MNF – A Bowl of Chili – With or Without?

Chili with beans

This past weekend was the World’s Championship Chili Cookoff  at the Spa Resort Casino in Palm Springs and Cooking With Char was there – sampling chili of all kinds and levels of heat.

To be technical, the name “chili” in this regard means just the sauce. Add meat and it becomes “chili con carne” – chili with meat. We use the same term(s) including beans when we should say “chili con carne y frijoles” or chili with meat and beans!

To me, the very best taste comes from finely diced beef, simmered for a long time in a sauce with layers of flavor – and not overly spicy. I also like mine with beans – kidney beans or pinto or both – for added fiber and again, texture and flavor. Most of the time, to save time, we use ground beef but try it with stew meat or other inexpensive cuts that favor long, slow cooking. It’s a great way to save some $$. On occasion, I’ll even do the “chicken or turkey” chili but only under duress!

I do like a dollop of sour cream (especially if the chili is hot), and some shredded cheese on top to add color and again, another level of flavor and texture.

Everyone has their own chili story and so do I. Years ago, when the Raiders (of which I’m a diehard fan as is my immediate family) were new to LA, I took on the job of making chili for a tailgate party of the Original Los Angeles Raiders Fan Club. I was cooking chili for 300 — in my home kitchen!

My parents were there to help. We roasted 5 whole briskets; cooled, defatted and cut them all into a 1″ dice (talk about time consuming!). Adding onion, garlic, cumin, chili powder, crushed tomatoes, cilantro, salt and pepper to all of this which was put  in 2 electric roasters, 2 dutch ovens, and a couple of other soup pots and trying to put a proportionate amount into each – was no simple matter! Everything was simmering nicely – on the stove, in the oven, in the electric roasters….and the house smelled heavenly! I turned everything down to low and we all went to bed, having set the alarms to wake us early to cart everything downtown to the LA Coliseum.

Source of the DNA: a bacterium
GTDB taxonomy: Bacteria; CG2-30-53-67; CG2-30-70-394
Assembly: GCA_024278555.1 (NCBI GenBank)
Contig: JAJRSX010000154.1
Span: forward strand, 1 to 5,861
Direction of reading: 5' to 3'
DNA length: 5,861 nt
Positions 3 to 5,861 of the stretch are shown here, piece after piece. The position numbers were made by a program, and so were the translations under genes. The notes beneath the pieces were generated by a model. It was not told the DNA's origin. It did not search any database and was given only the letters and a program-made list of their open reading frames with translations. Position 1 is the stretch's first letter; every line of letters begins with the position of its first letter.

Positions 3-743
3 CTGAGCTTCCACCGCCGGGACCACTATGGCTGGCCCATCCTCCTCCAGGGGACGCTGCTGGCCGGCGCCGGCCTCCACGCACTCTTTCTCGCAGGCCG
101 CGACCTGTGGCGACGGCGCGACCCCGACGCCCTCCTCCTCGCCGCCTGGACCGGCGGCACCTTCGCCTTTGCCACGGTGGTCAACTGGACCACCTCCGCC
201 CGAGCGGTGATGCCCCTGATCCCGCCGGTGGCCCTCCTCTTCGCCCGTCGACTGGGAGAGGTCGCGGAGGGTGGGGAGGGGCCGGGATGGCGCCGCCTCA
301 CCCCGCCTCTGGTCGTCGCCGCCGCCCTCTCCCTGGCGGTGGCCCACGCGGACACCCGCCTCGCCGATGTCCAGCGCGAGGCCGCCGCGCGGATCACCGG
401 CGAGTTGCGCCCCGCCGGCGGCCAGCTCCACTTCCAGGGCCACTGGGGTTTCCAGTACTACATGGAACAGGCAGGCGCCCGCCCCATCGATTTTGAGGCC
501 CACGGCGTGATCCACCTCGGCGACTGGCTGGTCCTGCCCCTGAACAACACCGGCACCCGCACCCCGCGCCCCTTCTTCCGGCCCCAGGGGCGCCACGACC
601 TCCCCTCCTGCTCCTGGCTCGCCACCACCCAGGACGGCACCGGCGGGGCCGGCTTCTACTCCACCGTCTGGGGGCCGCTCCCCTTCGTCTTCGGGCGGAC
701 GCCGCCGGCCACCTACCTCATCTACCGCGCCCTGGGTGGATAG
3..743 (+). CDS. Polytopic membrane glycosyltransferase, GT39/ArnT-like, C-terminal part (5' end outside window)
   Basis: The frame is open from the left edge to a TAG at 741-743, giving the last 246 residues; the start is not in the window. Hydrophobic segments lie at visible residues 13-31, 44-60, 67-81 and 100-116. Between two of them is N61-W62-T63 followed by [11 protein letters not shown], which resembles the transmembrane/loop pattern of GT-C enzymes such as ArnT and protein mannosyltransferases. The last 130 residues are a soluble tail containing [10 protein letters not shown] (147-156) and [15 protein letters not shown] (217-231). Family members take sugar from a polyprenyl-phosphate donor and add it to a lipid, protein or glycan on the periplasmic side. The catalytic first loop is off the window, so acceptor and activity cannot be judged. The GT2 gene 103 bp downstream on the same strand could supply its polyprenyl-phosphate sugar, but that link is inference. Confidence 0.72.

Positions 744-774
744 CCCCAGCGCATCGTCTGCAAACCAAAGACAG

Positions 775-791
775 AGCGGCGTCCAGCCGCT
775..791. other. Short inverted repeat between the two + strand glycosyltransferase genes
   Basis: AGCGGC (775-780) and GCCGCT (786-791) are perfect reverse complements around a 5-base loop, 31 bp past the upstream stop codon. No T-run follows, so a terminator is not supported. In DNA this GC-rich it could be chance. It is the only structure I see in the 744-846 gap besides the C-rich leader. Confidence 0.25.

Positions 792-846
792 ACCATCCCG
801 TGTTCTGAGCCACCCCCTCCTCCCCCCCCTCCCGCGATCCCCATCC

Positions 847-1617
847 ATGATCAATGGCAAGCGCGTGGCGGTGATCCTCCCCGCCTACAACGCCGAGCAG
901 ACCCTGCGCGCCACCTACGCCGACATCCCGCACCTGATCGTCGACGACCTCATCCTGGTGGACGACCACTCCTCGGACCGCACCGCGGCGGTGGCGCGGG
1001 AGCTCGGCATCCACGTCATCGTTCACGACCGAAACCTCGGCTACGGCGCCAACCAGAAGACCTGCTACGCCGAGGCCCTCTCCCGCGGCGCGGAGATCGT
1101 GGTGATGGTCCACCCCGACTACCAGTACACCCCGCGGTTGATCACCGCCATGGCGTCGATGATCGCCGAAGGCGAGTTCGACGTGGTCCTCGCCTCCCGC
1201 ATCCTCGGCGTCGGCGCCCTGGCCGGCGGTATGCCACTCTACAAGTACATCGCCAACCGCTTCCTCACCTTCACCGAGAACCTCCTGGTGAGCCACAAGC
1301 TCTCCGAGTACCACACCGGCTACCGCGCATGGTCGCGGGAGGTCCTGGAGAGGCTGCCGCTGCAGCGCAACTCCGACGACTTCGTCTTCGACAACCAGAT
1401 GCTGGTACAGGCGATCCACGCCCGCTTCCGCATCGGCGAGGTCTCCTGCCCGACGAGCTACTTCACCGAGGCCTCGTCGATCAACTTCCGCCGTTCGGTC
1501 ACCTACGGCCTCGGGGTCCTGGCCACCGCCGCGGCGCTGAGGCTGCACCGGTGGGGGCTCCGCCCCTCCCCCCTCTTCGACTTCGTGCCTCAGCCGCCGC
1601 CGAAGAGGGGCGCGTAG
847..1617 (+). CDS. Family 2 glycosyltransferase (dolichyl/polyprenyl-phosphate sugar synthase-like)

I awoke at dawn, long before the alarm went off, with a panic! Is the chili OK? Did I turn everything down low enough? Did anything burn? I ran into the kitchen and there, leaning against one of the electric roasters, was a note: “It’s 2:30 a.m. I checked everything and gave everything a couple of stirs.  Don’t worry. Everything’s fine. I’m going back to bed now. Love, Dad”

Everything was delicious and we actually ran out of chili! And no, I didn’t do it again the following year!

Beef Chili with Beans (Chili Con Carne y Frijoles)

  • 2 Tbsp. vegetable oil or peanut oil
  • 2 medium onions, finely chopped, about 2 cups
  • 1 red bell pepper, cut into 1/2″ cubes
  • 6 garlic cloves, minced (about 2 Tbsp.) or  more if you are afraid of vampires
  • 1/4 c fresh chili powder
  • 1 Tbsp.  ground cumin
  • 2 tsp. ground coriander
  • 2 tsp. red pepper flakes
  • 1 tsp. dried oregano (Mexican oregano if you can find it)
  • 1/2 tsp. cayenne pepper
  • 2 lbs. lean (85 – 90%) ground beef or very lean stew meat or chuck roast with all            visible fat removed, cut in 1″ cubes
  • 2  15 oz. cans red kidney beans, drained and rinsed
  • 1  28 oz. can diced tomatoes, with juice or puree
  • 1  28 oz. can tomato puree
  • Salt, to taste
  • 2 limes, cut into wedges, optional

Heat the oil in a large Dutch oven until oil shimmers but does not smoke, over medium heat. This will take about 3 or 4 minutes. Add the onions, bell pepper, garlic, chili powder, cumin, coriander, pepper flakes, oregano and cayenne. Cook this mixture until the vegetables are soft, and start to brown (but not burn), stirring occasionally, for about 10 minutes.

Increase the heat to medium-high and add half the beef (either ground or cubes). If using ground beef, break it up into chunks with a wooden spoon as it browns. You don’t want it to be too fine or the chili will have a mushy texture. When the meat begins to brown (and stops looking pink), push to the side and add the remaining beef and do the same, combining the cooked meat with the uncooked until all is browned. This all should take about 7 to 8 minutes, total.

Add beans, tomatoes, tomato puree and 1/2 tsp. salt; bring to the boil, then reduce heat to low and simmer, covered, for about 1 hour, stirring occasionally.

Remove the cover and continue to simmer for an additional hour, stirring occasionally. If it appears that the chili is starting to stick, stir in 1/2 cup of water and continue simmering. (This might happen especially if you use diced tomatoes with puree or your puree is very thick.) Continue cooking until the meat is tender (especially if you are using stew meat or chuck) and chili is dark, rich-smelling and slightly thickened. If it looks “watery”, continue cooking, uncovered or add 1 Tbsp. tomato paste (or 2) and it should thicken nicely. Adjust seasoning with additional salt or pepper to taste.

Serve as is or with lime wedges, sour cream, avocado slices, shredded cheese, sliced green onion, or taco chips as garnish.

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